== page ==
When the Rite of Ordination began, the three men were called forward from the nave and came to stand before the Archbishop seated before the High Altar. The Ordinariate having no Vicar General or other official, it fell to the Episopal Delegate of the Bishops' Conference, Bishop Alan Hopes, Auxiliary Bishop of Westminster and Titular Bishop of Cuncacestre (Chester-le-Street), to present the candidates for priesthood to the Archbishop. There was an insertion into the wording of Bishop Alan's presentation (in bold italics):
After inquiry among the people of Christ and upon recommendation of those concerned with their training and with the permission of the Holy See, I testify that they have been found worthy.The text of the Archbishop's homily can be downloaded here. Or listen to it here.
After the promise of obedience to "your Ordinary" (also made by Keith Newton), there was no insertion in the rite of that introduction and prayer sanctioned by the Sacred Congregation for Divine Worship and used by Cardinal Hume to ordain former Anglican clergy in the 1990s. There had been some dismay expressed about this at the diaconal ordinations, but in fact Archbishop Nichols in his homily had warmly spoken of the contribution and and generous spirit of the Church of England in recognising the integrity of the three in their decision and onward journey, at the same time as recognising their distinguished ministry and episcopal service in the life of the Anglican Church. At the same time, he reaffirmed the Catholic Church's whole-hearted commitment to the visible unity of Christ's people in the hope that, according to the words of the Holy Father, the Ordinariate would serve this end in a "prophetic" way. Some of the priests afterwards discussed the omission of the prayer used previously to lead into the Litany of the Saints, but we felt that everything it had said was expressed far more fully by what Archbishop Nichols had said in his homily. We also felt, even those over whom that prayer had been said years before, that it was important at the ordination of the first priests of this almost radically new structure in the Church in this country that the three be ordained - and be seen to be ordained - according to the same rites of the Church as any other Roman Catholic priests - no more no less.
The three candidates for Catholic priesthood prostrated themselves and the Litany of the Saints was prayed. Someone said the congregation was mainly male. Perhaps it is that we have become a little used to not hearing so many men singing in Church, but the voices of women were no less strong and insistent at this solemn moment of prayer for three much loved pastors.
The solemn silence as first the Archbishop laid hands, almost visibly bringing down the Holy Spirit in his power upon Keith, then Andrew, then John, followed by Bishop Alan, Archbishop Longley, Bishop McMahon, and then the 100 priests was very long and moving. Nothing stirred; no one spoke; no mobile phones went off. If they did, no one noticed. One of the beautiful things about divine Liturgy is that it is full of moments, but in the fulness of time you lose track of time. After the Archbishop spoke the Prayer of Ordination, someone in the north of the nave loudly promoted a round of applause; but as we were in the middle of the Rite of Ordination few of the clergy joined in; and we proceeded with the investiture of the priestly stole and chasuble, conveyed up to the sanctuary by the three new priests's wives, Gill Newton, Judi Broadhurst and Cathy Burnham.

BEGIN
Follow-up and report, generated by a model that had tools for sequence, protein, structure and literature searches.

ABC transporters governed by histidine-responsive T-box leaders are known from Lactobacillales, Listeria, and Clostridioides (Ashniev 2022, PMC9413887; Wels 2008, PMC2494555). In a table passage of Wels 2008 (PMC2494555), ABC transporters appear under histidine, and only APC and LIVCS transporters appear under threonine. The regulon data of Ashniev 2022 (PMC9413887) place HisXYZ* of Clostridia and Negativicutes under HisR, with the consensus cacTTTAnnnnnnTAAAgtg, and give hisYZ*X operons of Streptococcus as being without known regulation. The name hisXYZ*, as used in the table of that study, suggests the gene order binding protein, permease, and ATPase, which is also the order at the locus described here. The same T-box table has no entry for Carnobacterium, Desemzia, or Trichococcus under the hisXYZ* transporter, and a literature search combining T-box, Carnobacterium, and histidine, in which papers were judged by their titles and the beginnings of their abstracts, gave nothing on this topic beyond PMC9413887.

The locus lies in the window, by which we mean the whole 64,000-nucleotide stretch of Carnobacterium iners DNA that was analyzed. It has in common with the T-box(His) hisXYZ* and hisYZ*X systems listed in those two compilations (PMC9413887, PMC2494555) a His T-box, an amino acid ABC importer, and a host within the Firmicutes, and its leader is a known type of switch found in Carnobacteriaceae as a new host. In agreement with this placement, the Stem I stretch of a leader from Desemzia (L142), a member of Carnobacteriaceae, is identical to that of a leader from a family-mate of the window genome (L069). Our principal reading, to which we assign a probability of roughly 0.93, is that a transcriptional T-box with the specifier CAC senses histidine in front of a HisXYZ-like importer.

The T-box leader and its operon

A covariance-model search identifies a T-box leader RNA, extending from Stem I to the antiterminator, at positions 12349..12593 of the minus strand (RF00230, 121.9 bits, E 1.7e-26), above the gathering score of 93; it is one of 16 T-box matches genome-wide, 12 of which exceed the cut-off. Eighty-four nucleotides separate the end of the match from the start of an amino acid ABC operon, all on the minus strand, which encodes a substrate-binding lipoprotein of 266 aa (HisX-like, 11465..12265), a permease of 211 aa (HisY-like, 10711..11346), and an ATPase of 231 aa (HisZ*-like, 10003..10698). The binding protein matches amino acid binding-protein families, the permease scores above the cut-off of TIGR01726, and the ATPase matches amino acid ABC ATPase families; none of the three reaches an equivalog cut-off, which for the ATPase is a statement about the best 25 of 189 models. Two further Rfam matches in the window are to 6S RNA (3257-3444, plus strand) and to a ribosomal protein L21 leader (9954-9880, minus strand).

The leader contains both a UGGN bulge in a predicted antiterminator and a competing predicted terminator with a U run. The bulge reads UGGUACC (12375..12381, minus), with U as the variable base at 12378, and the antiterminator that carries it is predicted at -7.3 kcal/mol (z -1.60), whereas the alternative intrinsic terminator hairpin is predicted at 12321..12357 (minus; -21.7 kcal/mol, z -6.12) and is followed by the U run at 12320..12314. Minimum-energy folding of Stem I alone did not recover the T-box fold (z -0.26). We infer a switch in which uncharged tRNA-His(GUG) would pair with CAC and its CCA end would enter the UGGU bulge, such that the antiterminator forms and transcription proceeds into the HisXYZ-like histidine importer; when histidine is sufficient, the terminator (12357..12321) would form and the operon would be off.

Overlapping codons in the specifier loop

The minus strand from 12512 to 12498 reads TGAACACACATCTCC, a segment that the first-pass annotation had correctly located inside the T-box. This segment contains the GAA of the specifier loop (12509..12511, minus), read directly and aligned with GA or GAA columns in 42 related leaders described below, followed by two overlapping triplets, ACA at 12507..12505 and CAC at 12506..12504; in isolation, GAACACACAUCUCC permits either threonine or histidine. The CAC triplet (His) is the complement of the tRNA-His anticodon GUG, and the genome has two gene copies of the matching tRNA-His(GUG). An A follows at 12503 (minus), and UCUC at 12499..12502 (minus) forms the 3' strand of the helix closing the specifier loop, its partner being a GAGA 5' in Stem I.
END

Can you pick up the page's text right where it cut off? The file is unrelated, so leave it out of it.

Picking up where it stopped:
The hymn Veni Creator was interrupted for the Archbishop to anoint the newly invested priests and, when it was completed, it was the three nuns received alongside the three former bishops on New Year's Day who presented the gifts of the paten holding the bread and the chalice containing the wine mixed with water for the Archbishop to entrust to the three new priests in turn, as they all prepared to concelebrate the eucharistic sacrifice.
At this point, the Archbishop descended from before the High Altar and greeted each new priest with the Kiss of Peace. The other bishops followed suit and then the priests. Again there was silence and expectation as this proceeded, but now the atmosphere was more relaxed and the sense of prayer was of gladness and gratitude to God, something we priests as we exchanged the peace in turn with the new Fathers Keith, John and Andrew, our brothers in the service of the Body of Christ, were deeply aware of coming from the People.
For the Offertory chant, Charles Villiers Stanford's Beati quorum via integra est was sung, another admirable piece of the Anglican spiritual and liturgical patrimony now shared by the Catholic Church. Someone remarked that this motet was a tribute to the Oxford Movement and its appreciation of Latin Christianity, but Stanford was a convinced Church of Ireland Protestant and he had written the piece not for an Anglo-Catholic celebration but mindful of the Latin services of the Prayer Book in use in the university not of Oxford, but of Cambridge. It was published in 1905, 12 years after he had stepped down as Organist and Master of the Choristers at Trinity College, Cambridge, where for 19 years he revolutionised and just about re-invented choral singing in the liturgy of the Church of England.